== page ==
These authors contributed equally to this work.
Effects of two mesenchymal cell populations on hepatocytes and lymphocytes†
Article first published online: 26 OCT 2012
Copyright © 2012 American Association for the Study of Liver Diseases
Volume 18, Issue 11, pages 1384–1394, November 2012
How to Cite
Gómez-Aristizábal, A., Ng, C., Ng, J. and Davies, J. E. (2012), Effects of two mesenchymal cell populations on hepatocytes and lymphocytes. Liver Transpl, 18: 1384–1394. doi: 10.1002/lt.23500
This study was supported by a Grant-in-Aid of Research from Tissue Regeneration Therapeutics, a Harron scholarship from the Faculty of Dentistry of the University of Toronto, and a doctoral completion award from the University of Toronto.
- Issue published online: 26 OCT 2012
- Article first published online: 26 OCT 2012
- Accepted manuscript online: 29 JUN 2012 10:32AM EST
- Manuscript Accepted: 14 JUN 2012
- Manuscript Received: 6 DEC 2011
- Grant-in-Aid of Research from Tissue Regeneration Therapeutics
- Faculty of Dentistry of the University of Toronto, and a doctoral completion award from the University of Toronto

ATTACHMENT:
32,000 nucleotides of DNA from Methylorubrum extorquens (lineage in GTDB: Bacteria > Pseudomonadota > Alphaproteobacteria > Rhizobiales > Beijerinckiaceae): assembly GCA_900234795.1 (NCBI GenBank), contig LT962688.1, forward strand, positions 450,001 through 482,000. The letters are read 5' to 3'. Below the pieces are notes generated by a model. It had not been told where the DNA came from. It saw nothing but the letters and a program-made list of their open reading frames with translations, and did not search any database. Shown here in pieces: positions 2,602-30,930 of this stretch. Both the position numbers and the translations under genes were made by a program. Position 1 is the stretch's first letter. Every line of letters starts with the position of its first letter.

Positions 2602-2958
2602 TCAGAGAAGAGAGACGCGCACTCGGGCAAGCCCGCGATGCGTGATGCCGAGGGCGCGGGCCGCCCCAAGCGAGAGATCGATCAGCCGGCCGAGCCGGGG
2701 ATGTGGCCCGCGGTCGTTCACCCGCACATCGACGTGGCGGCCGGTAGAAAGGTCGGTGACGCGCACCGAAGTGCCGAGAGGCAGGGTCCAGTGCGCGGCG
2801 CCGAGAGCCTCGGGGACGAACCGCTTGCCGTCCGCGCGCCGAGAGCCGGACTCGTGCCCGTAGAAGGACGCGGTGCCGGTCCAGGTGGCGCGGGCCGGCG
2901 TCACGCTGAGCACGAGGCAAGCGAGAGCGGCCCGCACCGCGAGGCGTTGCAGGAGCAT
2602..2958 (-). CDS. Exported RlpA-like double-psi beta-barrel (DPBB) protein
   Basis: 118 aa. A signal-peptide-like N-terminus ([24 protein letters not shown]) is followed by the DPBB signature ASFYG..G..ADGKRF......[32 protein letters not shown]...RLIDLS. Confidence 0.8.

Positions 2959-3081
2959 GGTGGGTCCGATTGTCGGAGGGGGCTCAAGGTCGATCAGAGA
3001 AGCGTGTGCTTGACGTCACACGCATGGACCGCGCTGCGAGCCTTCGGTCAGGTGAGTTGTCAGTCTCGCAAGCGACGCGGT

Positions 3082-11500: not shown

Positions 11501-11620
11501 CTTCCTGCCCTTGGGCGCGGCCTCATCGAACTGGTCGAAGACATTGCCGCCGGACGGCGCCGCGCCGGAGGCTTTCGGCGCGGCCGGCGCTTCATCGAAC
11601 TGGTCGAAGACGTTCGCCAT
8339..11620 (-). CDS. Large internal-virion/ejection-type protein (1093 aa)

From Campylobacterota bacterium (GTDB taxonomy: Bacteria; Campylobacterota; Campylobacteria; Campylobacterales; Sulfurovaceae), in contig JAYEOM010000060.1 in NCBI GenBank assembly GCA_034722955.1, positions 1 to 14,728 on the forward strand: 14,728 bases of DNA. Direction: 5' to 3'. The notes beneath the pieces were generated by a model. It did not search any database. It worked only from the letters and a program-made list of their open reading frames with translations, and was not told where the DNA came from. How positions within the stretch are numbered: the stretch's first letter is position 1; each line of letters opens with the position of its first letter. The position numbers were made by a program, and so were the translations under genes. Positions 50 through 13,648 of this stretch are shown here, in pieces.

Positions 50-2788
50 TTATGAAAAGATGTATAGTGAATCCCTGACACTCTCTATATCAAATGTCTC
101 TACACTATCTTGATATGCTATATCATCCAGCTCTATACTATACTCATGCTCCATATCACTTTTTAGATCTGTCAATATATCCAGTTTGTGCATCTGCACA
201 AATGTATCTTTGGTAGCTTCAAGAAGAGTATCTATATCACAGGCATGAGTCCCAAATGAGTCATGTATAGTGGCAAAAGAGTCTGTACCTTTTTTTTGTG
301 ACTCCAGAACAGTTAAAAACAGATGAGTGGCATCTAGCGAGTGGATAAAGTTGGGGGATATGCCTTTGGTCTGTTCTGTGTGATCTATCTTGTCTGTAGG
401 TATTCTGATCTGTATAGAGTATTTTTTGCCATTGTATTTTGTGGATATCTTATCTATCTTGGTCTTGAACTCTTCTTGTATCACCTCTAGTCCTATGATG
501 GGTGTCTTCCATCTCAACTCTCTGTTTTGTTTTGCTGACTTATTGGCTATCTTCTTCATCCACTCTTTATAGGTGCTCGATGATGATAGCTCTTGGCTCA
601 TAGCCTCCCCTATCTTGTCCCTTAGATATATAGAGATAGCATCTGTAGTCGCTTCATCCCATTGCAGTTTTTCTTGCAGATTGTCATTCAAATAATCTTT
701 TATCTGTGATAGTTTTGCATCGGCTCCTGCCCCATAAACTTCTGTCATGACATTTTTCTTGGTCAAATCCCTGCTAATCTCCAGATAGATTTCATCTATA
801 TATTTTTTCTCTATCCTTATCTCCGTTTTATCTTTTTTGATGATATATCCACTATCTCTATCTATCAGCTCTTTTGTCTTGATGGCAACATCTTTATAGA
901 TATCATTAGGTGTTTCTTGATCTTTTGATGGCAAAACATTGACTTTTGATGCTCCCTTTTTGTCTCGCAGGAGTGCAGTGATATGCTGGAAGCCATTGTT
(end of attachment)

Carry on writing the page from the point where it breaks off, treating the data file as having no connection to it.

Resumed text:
The inflammatory response to liver injury plays an important role in the onset of liver fibrosis, which may ultimately lead to liver failure. The attenuation of inflammation and hepatocyte rescue are, therefore, of the utmost importance for recovery. Mesenchymal stromal cells (MSCs) from adult bone marrow have been shown to rescue hepatocyte function. Here we explore a more plentiful source of neonatal MSCs: human umbilical cord perivascular cells (HUCPVCs). We cocultured HUCPVCs or bone marrow–derived mesenchymal stromal cells (BM-MSCs) with rat hepatocytes or human peripheral blood mononuclear cells in order to identify their effects on hepatocyte functionality and the proliferation of phytohemagglutinin-stimulated peripheral blood mononuclear cells (phaPBMCs). The expression of hepatotrophic factors by both types of MSCs in the presence of hepatocytes and the functional implications of blocking putative MSC anti-inflammatory factors were compared. Both types of MSCs improved albumin secretion, ureagenesis, hepatospecific gene expression, cytochrome P450 (CYP) activity, and functional hepatocyte mass maintenance. However, although HUCPVCs had an improved effect on the maintenance of ureagenesis, BM-MSCs had a strong effect on hepatocyte CYP activity. Additionally, each MSC type differentially expressed putative hepatotrophic factors, whereas phaPBMC proliferation was significantly decreased. Indoleamine 2,3-dioxygenase (IDO) was the main immunosuppressive mechanism used by both types of MSCs, but HUCPVCs exhibited higher expression of programmed death 1 ligands. However, the functional significance of the difference in anti-inflammatory factor expression still remains to be elucidated. Thus, both MSC types can serve as hepatocyte stromal cells and mitigate inflammation with IDO, but they present differences in the manner in which they affect hepatocytes and in the expression of both hepatotrophic and anti-inflammatory factors. Liver Transpl 18:1384–1394, 2012. © 2012 AASLD.